Publisher Theme
I’m a gamer, always have been.

Sports Emmy Nominee Gotham Chopra on ‘Why We Fight.’

Why We Fight received a nomination for Outstanding Serialized Sports Documentary, the awards will be handed out on Tuesday.

Ahead of the nominations, I caught up with both Gotham Chopra and Chris Uettwiller to learn more about their passion for sports and how Why We Fight evolved.

GOTHAM CHOPRA ANSWERS:

What’s the genesis of Why We Fight?

Chris Uettwiller and Matt Ogens – two of the other Executive Producers on the project – had previously collaborated on a short film called Kid Yamaka, which Matt had directed. We started talked about the concept of how to take the short film and its star Zach Wohlman and turn it into a series. From there the idea just grew and got bigger and bigger in terms of going global, but at the same time retained a real intimacy because it really was about building it around Zach and his genuine fascination for his sport – fighting. The more we researched it, the more we realized that fighting really is a primordial sport and that it exists petty much in every corner of the planet. That in of itself made for a great show concept.

Fighting is so primordial, how did you choose the areas of fighting to go into and what did you want to explore?

We had a great research team and they really canvased the planet looking for good ideas. We wanted the show to have a real global flavor so just looking in different countries and continents was definitely an organizing principle. But ultimately it’s also really about just finding great characters and stories. That’s really the most important quality we look for – characters that resonate and whose stories have a real arc to them. Fighting by its nature is pretty magnetic. It’s a sport that even if you’re not really into it is hard to take your eyes off of. But we really wanted to go beyond that and answer that genuine question: why do we fight? Fighting is violent and scary and painful, so why do people subject themselves to it?

Zac has a lot of demons as the series shows, talk about his story and what you wanted to show with him?

Zac is a pretty amazing human being. It’s hard for me to even think of him as a host in the traditional sense of a television show. He’s a character and most importantly a genuine fighter who’s actively training and trying to build a life out of professionally boxing. That brings an authenticity to the show that I don’t think we’d ever have if we had just generically “cast” the show. He’s open about his demons – his addictions, recovery, relapse, and struggle – and how at each stage, they’ve been tied to fighting. His willingness to talk about that with people and on the show was really courageous and bold. I think it’s the best aspect of the show actually. Zac’s vulnerability is powerful and what connects him to folks. I know it meant a lot to the people he came into contact along the way making the show — and to the people making the show.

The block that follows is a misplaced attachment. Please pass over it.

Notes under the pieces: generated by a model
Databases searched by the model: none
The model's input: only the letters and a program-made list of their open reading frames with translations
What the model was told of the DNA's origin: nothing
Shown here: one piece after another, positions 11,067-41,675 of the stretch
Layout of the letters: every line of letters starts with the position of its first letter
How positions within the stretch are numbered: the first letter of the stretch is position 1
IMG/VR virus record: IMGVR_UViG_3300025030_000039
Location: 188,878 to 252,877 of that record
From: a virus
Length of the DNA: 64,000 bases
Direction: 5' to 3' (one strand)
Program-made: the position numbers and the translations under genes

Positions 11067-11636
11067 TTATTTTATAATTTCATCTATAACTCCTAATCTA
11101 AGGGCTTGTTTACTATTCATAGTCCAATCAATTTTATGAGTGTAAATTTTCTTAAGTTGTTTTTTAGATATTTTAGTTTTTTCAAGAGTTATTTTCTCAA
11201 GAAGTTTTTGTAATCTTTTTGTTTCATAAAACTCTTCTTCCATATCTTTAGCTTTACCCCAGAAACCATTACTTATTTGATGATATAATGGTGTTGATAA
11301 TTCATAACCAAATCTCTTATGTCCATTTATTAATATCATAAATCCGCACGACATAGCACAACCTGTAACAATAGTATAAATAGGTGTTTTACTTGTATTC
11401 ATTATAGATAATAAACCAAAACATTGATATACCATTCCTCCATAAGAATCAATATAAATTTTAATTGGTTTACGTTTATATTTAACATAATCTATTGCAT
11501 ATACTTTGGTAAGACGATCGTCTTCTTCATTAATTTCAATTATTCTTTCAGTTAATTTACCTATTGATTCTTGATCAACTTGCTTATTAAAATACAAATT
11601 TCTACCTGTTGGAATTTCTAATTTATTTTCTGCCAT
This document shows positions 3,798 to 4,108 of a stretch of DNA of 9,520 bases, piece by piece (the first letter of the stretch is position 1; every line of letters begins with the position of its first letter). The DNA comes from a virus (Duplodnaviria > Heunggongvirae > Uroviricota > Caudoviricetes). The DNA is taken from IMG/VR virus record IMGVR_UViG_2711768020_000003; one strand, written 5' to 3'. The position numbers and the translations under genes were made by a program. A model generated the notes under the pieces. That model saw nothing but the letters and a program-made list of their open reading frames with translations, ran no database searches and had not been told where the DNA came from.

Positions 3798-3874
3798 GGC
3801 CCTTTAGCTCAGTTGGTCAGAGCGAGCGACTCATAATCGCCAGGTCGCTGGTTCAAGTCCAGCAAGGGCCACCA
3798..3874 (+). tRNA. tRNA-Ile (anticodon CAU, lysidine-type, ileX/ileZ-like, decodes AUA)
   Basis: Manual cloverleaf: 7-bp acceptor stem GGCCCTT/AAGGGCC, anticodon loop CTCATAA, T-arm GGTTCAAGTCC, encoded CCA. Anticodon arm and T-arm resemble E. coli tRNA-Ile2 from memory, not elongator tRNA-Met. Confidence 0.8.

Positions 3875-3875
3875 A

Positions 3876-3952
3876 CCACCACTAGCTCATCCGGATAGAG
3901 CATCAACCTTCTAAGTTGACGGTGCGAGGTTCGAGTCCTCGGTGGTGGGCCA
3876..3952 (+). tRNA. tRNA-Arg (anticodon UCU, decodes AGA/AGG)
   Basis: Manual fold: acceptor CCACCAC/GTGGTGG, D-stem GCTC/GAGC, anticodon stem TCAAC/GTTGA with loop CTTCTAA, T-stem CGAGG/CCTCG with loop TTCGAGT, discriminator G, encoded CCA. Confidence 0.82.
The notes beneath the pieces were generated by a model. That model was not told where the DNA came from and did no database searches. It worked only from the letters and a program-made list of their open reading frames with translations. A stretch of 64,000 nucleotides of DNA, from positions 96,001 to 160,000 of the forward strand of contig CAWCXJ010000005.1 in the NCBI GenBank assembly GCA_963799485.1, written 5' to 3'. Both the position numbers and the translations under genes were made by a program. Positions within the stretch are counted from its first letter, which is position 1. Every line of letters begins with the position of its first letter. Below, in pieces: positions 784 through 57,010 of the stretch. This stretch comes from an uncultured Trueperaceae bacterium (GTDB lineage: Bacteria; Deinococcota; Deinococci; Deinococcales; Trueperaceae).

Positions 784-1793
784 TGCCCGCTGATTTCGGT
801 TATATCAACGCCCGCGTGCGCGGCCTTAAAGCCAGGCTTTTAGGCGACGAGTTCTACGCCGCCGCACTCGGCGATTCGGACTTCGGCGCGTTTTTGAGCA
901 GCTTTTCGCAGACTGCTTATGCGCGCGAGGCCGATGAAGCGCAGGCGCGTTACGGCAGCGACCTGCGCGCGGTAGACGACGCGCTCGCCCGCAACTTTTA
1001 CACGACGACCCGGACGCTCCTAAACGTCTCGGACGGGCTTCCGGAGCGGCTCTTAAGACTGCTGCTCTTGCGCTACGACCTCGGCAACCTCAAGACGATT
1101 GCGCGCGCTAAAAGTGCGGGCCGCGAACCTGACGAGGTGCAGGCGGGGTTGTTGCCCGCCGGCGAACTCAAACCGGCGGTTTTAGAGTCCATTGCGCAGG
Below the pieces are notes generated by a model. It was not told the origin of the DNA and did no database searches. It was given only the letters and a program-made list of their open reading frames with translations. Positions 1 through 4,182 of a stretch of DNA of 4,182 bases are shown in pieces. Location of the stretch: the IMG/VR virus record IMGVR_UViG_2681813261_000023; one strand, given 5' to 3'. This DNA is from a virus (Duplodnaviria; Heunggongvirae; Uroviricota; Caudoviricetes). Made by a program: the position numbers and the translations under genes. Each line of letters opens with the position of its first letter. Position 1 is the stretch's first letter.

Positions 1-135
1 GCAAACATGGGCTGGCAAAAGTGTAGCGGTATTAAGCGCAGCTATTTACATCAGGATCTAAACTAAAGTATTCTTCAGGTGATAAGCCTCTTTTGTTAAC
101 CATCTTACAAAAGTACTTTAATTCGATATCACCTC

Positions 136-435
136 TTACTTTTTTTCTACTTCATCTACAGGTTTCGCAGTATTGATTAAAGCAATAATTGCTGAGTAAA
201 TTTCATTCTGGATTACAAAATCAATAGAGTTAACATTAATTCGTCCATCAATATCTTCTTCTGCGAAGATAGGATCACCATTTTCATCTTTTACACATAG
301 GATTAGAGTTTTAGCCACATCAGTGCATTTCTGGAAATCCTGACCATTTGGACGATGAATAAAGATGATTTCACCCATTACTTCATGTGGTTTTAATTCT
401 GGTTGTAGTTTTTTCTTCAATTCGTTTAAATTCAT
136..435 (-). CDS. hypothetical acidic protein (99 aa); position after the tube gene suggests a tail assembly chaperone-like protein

What are some of your favorite sports?

I love all sports, but I’d say my favorite is probably basketball. I grew up in Boston during the heyday of the original Big Three (Larry Bird, Kevin McHale and Robert Parish) and got to see some really epic games. I’ve also been able to collaborate with some of the greats – Kobe Bryant, Kevin Garnett and most recently LeBron James so that reinforces my love of the game.

What’s next for you?

It’s been a pretty crazy hectic year. Aside from Why We Fight, we produced a second season of our other series Religion of Sports, a series with Facebook following Tom Brady called ‘Tom vs Time’ and I have been working with LeBron James on an original series for Showtime, which remains in production. Also, I’ve formed a company with Tom Brady and Michael Strahan to develop more sports-related content and also launch a podcast, newsletter and some original content. We’re having fun and hopefully will create some cool stuff.

Who are some of your sporting heroes?

I love sports and have had the incredible fortune to work with some legendary athletes – Kobe Bryant, David Ortiz, LeBron James, and Tom Brady to name a few. Those are all guys who I’ve been big fans of throughout their careers and then getting to see how devoted they are to their crafts and how hard they practice and prepare is really inspiring. Despite working so close to a lot of these guys and getting to see how the sausage is made, I still love going to games and watching athletes compete.

CHRIS UETWILLER:

How did you and Gotham meet?

I met Gotham when we started working on the Showtime documentary Kobe Bryant’s Muse. Gotham directed the film and Dirty Robber was the production company.

What are some of your favorite sports?

I’m a former motorcycle racer and I raced bicycles for a few years so if I get the TV remote to myself, I’ll look for some spring classics or Moto GP.I’m also an avid skier.

What’s next for you?

We have a few Nike projects in production and we have a basketball mini doc series, music documentary and a few other things that will be announced soon.

Who are some of your sporting heroes?

Nicky Hayden, Valentino Rossi, Senna, Sugar Ray Leonard, Michael Strahan, Joe Morris, Lance Armstrong and Fabian Cancellara.